:31:33.:31:39.

army Brigadier Kevin Beaton. He was my squadron commander in Bosnia and

:31:40.:31:45.

inspired me to study medicine. He spent the last ten years ago driving

:31:46.:31:51.

innovations in medical training. We use video and sound to record all of

:31:52.:31:56.

the activities at the various stages. That screen is showing a

:31:57.:32:01.

patient actually being treated inside the helicopter simulator. And

:32:02.:32:05.

we can switch between all of these different scenes and shots of what

:32:06.:32:10.

is going on to get a feel for how each department is performing. I

:32:11.:32:18.

think the best analogy that we have found is we have moved from driving

:32:19.:32:22.

your car into the local Kwik Fit to now something akin to the Ferrari

:32:23.:32:29.

pit stop at a Formula One event. Where there is a whole team of

:32:30.:32:33.

people stood around the patient ready immediately to start get to go

:32:34.:32:40.

grips with what we have to do. Research into macro-simulation means

:32:41.:32:56.

it improves team work which improves chances for patients. Research shows

:32:57.:33:02.

it contributes to reduced risk to patients. Another study called it a

:33:03.:33:08.

finishing school for experts. The principle behind macro-simulation is

:33:09.:33:12.

that it is as close to reality as possible. Actors and make-up artists

:33:13.:33:20.

mimic even the most severe injuries. Here we have a casualty that we are

:33:21.:33:24.

making up with multiple fragmentation wounds, mostly to both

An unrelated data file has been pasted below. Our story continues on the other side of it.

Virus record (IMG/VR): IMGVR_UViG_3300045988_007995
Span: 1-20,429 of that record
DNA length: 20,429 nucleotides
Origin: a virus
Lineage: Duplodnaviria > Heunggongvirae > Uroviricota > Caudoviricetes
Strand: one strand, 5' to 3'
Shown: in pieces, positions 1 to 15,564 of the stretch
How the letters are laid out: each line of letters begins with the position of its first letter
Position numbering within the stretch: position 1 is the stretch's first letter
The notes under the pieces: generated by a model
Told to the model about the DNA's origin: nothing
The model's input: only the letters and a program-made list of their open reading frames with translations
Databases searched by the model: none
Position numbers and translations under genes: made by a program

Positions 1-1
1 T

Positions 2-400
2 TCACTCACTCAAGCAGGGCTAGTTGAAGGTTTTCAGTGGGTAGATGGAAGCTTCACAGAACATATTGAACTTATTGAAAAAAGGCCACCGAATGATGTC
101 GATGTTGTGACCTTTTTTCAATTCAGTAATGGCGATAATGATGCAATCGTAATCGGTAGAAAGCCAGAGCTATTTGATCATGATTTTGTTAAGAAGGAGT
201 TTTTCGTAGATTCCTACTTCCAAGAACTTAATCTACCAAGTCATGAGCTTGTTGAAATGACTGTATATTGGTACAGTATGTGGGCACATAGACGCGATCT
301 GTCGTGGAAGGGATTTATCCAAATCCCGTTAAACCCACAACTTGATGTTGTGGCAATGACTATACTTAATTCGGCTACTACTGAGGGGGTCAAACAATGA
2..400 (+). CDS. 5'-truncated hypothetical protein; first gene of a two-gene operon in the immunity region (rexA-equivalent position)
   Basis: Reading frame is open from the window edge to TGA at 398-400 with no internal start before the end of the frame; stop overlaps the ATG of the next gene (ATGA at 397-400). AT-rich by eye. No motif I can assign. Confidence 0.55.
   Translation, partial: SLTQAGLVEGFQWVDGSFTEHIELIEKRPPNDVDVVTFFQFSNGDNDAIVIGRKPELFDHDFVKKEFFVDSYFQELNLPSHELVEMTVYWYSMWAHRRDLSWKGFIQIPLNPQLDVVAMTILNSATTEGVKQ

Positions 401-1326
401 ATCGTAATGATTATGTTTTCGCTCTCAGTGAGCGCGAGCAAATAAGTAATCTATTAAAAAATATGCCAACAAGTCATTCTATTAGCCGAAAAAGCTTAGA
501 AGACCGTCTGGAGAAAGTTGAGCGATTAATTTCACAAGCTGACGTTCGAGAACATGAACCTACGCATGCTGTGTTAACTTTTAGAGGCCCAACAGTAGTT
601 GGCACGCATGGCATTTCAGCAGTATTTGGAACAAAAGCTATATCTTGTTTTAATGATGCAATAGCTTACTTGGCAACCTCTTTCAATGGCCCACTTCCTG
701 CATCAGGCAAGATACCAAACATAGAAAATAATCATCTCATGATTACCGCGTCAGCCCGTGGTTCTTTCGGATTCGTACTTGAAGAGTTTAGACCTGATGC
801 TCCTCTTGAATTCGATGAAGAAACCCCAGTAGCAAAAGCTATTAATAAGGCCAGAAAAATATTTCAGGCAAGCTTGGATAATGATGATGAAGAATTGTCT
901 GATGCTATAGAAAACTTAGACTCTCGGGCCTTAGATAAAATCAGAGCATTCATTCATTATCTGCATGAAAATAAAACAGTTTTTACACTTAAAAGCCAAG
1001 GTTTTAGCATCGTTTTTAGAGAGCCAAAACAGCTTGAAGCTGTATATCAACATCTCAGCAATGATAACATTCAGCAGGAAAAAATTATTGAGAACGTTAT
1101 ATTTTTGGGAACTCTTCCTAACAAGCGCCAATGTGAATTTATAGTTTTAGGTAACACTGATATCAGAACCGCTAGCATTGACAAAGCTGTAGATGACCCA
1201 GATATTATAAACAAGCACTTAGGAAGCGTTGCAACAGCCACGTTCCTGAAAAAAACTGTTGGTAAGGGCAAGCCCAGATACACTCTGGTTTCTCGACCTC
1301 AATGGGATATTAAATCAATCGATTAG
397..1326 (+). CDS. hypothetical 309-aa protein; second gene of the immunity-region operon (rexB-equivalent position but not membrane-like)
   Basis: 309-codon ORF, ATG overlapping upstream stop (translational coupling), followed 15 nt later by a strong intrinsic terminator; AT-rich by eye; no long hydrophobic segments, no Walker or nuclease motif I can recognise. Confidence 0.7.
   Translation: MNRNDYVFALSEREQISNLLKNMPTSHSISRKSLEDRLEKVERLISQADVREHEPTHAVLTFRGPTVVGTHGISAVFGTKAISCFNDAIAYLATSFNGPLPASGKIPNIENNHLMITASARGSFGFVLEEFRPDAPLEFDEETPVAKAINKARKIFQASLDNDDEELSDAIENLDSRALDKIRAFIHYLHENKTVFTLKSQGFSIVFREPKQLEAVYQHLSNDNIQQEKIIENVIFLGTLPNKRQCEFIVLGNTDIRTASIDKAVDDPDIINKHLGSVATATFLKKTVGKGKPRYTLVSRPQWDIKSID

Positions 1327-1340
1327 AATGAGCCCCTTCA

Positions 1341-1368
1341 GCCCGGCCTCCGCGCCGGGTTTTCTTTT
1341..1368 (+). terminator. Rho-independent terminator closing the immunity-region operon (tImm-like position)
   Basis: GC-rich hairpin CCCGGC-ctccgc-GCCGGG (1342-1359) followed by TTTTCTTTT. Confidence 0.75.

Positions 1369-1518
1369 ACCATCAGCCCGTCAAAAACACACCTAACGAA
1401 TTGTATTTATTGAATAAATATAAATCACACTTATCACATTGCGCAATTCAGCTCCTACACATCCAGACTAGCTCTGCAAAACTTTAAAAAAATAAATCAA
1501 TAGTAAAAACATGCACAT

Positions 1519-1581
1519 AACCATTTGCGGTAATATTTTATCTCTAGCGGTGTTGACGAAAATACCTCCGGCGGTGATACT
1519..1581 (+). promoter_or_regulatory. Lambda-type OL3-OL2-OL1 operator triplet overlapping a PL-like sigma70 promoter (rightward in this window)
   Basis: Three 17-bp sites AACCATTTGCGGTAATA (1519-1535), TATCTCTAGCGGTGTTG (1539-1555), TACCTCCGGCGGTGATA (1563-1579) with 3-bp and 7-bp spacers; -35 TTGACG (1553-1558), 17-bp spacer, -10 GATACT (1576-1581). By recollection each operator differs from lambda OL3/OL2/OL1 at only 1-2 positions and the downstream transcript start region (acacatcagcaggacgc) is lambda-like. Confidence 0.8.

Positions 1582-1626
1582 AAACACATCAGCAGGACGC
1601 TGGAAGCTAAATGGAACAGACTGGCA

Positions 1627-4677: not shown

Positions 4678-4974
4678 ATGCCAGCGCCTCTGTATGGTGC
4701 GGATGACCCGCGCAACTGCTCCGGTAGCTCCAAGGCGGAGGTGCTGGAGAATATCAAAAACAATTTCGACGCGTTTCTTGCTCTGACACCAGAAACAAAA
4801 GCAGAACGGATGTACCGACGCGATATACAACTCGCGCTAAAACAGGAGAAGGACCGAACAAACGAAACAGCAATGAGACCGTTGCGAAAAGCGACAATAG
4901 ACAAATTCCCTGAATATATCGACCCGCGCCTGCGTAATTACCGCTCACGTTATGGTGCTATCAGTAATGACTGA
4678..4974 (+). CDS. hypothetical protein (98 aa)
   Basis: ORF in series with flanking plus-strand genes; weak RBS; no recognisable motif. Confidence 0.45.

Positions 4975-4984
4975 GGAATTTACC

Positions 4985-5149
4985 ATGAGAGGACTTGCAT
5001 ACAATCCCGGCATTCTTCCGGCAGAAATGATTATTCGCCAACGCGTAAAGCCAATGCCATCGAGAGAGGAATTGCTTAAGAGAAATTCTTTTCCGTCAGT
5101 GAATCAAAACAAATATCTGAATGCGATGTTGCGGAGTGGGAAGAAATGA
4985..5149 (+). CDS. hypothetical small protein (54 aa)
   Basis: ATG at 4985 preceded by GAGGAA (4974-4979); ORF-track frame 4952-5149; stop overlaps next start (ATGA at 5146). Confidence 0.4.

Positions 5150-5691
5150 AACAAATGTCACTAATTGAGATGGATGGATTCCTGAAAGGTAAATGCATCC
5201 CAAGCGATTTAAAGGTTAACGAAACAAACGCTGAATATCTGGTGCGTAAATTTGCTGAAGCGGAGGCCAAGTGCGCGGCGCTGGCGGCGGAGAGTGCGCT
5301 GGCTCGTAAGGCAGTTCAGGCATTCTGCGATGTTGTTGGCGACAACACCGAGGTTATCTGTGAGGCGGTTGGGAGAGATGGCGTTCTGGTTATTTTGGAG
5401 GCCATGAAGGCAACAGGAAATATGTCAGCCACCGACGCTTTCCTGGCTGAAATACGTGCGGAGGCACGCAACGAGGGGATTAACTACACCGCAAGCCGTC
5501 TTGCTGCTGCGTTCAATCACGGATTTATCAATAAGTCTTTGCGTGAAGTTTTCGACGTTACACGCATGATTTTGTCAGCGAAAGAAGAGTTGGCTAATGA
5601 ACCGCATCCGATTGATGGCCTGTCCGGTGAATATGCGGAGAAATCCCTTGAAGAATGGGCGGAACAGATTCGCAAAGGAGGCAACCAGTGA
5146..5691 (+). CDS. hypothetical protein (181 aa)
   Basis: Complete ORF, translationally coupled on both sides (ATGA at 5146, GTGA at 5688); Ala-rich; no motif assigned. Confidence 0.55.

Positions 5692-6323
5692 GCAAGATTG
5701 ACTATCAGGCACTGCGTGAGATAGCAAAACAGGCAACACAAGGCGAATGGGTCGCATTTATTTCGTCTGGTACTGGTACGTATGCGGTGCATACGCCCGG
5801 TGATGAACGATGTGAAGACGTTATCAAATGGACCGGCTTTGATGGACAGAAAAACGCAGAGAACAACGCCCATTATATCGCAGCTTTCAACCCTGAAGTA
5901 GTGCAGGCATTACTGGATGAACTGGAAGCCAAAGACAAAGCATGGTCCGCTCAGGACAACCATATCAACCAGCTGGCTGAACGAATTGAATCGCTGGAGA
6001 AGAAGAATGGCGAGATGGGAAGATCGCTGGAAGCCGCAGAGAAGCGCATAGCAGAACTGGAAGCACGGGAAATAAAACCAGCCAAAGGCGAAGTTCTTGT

:33:25.:33:28.

lower limbs. We have smaller peppering, and then we have got

:33:29.:33:36.

quite substantial deep into this side. It looks gruesome but it is

:33:37.:33:41.

fake it is not real. I have never seen anything like this working with

:33:42.:33:47.

the NHS, I'm an emergency medicine doctor and I have not seen this

:33:48.:33:51.

level of simulation. But I certainly think we could do with it. With the

:33:52.:33:57.

British Army withdrawing from Afghanistan, this precise replica of

:33:58.:34:03.

Camp Bastion will be dismantled. But macro-simulation will continue and

:34:04.:34:09.

it has already shift the frontier of medical training. We are better now

:34:10.:34:13.

at preparing ourselves to give good medical care to our people than I

:34:14.:34:18.

think we have ever been. Although simulation training is currently

:34:19.:34:23.

used within the NHS, it is not at this scale or sophistication. It

:34:24.:34:29.

tends to focus on individuals and specific techniques rather than

:34:30.:34:31.

developing the skills of the whole team. There are 147,000 doctors

:34:32.:34:41.

working in the NHS. But only about 6,000 of them attended simulation

:34:42.:34:47.

training last year. The NHS has its own set of unique challenges, but

:34:48.:34:52.

the evidence from the military indicates that macro-simulation on

:34:53.:34:58.